Poetics and Poetry Discussion

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  • Rookie Michael Shepherd (12/1/2005 12:29:00 PM) Post reply | Read 3 replies
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    I think it may be good to reformulate the question. What makes American poetry distinctively American, and British poetry distinctively British? (If anything...) . And may I say, I don't have the answer. I could define the standard view of the British character, but I'm not sure that relates directly to the poetry as currently written. Adam, Mark, anyone, could you offer a 'typically British' decent contemporary poem as evidence? (We could always look at Andrew Motion's best, for lack of other choice.) I thought Adam's suggestion of suppressed feeling an interesting view.

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    • Rookie Joseph Daly (12/2/2005 8:20:00 AM) Post reply

      I think that American arts have a universal appeal, and that the answer can be found by looking at the history of both nations. Britain tends towards parochialism and hence it’s poetry and other arts ... more

    • Rookie Declan McHenry (12/1/2005 3:00:00 PM) Post reply

      I just re-read Benjamin Zephaniah's poem 'The British' which perhaps highlights the possible difficulty in finding a 'typically British' poem (especially as I'd class Zephaniah as a very contemporary ... more

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  • Rookie Michael Shepherd (12/1/2005 5:49:00 AM) Post reply | Read 1 reply

    Thanks for the contributions on possible differences between British and American approaches to poetry. It's a subtle subject, difficult to pin down - if indeed there is anything to pin down - and goes deeper than colloquialism, though that is one sign of 'loosening up'on both sides. And obviously there are and have been cross-Atlantic influences. (Crudely, breezy v. referenced...!) If anyone knows of any writing on this subject, I'd be grateful to hear of it. As I said, I may be chasing a hairy goose up the wrong tree-bark...or not. I think it's worth pursuing, though. At least for me.

    First review of my poetry book comes next week, in a small-circulation mag, a whole year after publication... cuts one down to size! Pray for me, fingers crossed, whatever... I've been warned, 'does nothing for sales, just makes people feel they don't have to buy the book now they've read the best quotes'... Ha.

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    • Rookie Lori Boulard (12/1/2005 10:44:00 AM) Post reply

      good luck with the review. And while I keep telling myself that it's the creation that matters, not the reaction, we all fall victim to hope in the end!

  • Rookie Michael Shepherd (11/30/2005 1:11:00 PM) Post reply | Read 4 replies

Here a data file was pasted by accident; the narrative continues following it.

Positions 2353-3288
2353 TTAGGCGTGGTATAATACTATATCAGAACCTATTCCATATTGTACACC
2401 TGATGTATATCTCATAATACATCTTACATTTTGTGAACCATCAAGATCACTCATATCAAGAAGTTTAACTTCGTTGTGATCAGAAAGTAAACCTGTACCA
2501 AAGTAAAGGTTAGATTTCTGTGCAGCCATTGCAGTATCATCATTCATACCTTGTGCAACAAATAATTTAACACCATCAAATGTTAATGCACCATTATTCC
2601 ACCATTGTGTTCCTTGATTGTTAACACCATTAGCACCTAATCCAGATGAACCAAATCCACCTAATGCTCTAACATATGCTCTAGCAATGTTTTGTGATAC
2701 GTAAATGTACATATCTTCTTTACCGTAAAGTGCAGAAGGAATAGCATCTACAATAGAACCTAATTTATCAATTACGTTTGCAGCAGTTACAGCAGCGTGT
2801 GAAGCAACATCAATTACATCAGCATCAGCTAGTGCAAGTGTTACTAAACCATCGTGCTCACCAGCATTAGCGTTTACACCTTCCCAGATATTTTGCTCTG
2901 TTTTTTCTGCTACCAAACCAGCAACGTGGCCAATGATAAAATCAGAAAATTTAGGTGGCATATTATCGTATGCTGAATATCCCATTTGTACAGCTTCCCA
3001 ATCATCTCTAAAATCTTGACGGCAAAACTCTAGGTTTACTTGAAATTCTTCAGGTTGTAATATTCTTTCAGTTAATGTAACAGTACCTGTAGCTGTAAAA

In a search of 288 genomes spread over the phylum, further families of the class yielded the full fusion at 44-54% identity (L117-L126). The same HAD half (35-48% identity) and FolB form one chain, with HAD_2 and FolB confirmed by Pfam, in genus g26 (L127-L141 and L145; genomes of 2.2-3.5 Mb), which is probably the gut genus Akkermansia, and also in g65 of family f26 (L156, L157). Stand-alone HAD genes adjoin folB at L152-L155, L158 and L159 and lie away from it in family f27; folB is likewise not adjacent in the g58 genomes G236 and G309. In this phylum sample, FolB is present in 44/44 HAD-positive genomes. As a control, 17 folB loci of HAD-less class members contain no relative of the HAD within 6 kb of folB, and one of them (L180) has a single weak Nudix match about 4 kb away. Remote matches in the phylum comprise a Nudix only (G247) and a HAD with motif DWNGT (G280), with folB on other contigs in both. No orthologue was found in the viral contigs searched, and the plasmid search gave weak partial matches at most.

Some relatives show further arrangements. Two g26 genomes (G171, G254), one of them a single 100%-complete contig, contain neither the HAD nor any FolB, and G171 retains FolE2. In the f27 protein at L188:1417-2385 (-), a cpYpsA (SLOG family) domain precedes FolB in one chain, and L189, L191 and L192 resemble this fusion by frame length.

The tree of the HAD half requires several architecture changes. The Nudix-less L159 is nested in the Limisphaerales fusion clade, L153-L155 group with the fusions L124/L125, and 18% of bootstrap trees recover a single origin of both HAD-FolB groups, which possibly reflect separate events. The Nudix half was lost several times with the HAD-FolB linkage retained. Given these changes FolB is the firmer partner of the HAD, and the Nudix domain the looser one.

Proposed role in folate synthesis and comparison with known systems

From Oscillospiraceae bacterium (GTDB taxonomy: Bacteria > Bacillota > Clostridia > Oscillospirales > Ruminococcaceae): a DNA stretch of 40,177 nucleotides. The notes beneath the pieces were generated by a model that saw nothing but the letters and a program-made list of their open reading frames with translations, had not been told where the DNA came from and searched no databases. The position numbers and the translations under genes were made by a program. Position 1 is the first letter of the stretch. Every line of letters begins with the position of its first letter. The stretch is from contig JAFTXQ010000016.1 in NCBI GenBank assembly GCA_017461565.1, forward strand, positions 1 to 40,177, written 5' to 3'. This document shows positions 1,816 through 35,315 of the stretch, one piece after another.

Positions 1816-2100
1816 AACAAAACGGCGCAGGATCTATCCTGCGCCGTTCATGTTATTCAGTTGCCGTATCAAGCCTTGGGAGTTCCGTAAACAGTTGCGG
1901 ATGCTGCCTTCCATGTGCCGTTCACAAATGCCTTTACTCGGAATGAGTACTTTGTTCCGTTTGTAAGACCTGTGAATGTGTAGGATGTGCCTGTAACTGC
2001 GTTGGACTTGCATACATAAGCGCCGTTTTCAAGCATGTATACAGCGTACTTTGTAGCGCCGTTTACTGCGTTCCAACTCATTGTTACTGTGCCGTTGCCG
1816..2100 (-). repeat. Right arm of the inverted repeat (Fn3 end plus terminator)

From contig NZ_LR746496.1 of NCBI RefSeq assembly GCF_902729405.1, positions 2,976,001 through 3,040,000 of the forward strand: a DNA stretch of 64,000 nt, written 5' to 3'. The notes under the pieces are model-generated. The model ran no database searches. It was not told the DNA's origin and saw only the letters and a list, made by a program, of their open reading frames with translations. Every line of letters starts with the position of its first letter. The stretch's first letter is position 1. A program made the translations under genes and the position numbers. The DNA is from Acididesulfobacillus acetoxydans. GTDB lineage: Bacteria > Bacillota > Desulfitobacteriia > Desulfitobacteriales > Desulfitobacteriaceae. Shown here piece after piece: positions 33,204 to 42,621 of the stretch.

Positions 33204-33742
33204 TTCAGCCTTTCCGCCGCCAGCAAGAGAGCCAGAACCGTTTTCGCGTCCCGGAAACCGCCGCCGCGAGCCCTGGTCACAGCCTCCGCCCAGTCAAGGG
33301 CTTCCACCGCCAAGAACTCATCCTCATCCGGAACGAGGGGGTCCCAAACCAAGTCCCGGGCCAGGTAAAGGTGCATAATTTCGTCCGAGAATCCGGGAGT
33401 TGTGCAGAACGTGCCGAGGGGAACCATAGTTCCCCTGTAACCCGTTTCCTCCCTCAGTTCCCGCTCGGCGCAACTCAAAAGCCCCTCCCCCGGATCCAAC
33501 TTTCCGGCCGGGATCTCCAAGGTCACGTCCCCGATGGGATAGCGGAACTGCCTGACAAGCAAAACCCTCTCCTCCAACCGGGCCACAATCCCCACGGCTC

We've had a couple of half-hearted attempts at identifying differences between American and British poetic approaches. This morning I was knocking off one of my pieces of journalistic poetry or poetic journalism, and using one or two colloquial cliches of diction, when I wondered, does this happen in American poetry without being turned into reported speech, '..then Chuck said...'. It occurred to me that I was following Eliot - 'Hurry up please it's time'... and Pinter in his plays. I remember the shock of hearing the dialogue in 'The Caretaker' when it was first put on, and the way that banal remarks could be loaded with menace or omen.
    It happens a lot in American plays of course, being dialogue, and short stories like Damon Runyan. Is the 'heard voice' much used in American poetry?

    This may not be a fruitful topic. But my friends are much intrigued by the possibility of such distinguishing features, really for what it tells us about the possible limitations or explorations of English poetry as of now. Does this ring any bells?

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    • Rookie Declan McHenry (12/1/2005 6:33:00 AM) Post reply

      I know my first foray in this was fuelled by a gut feeling rather than any knowledge of the subject. America is a big place. On a whim I undertook a light hearted test recently which was designed to p ... more

    • Rookie Joseph Daly (12/1/2005 4:14:00 AM) Post reply

      Michael, I think that the universiality of 'Americanisms' means that there is a greater understanding of the literal meaning of American colloquialisms. I find, for example, that the use of 'Have a ... more

    • Rookie Max Reif (11/30/2005 4:41:00 PM) Post reply | Read 1 reply

      I don't much understand what you're talking about, Michael, the only bell it rang for me is, the 'hurry up please it's time' voice in Eliot is kind of like a Greek chorus, isn't it?

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  • Rookie Michael Shepherd (11/30/2005 4:54:00 AM) Post reply | Read 2 replies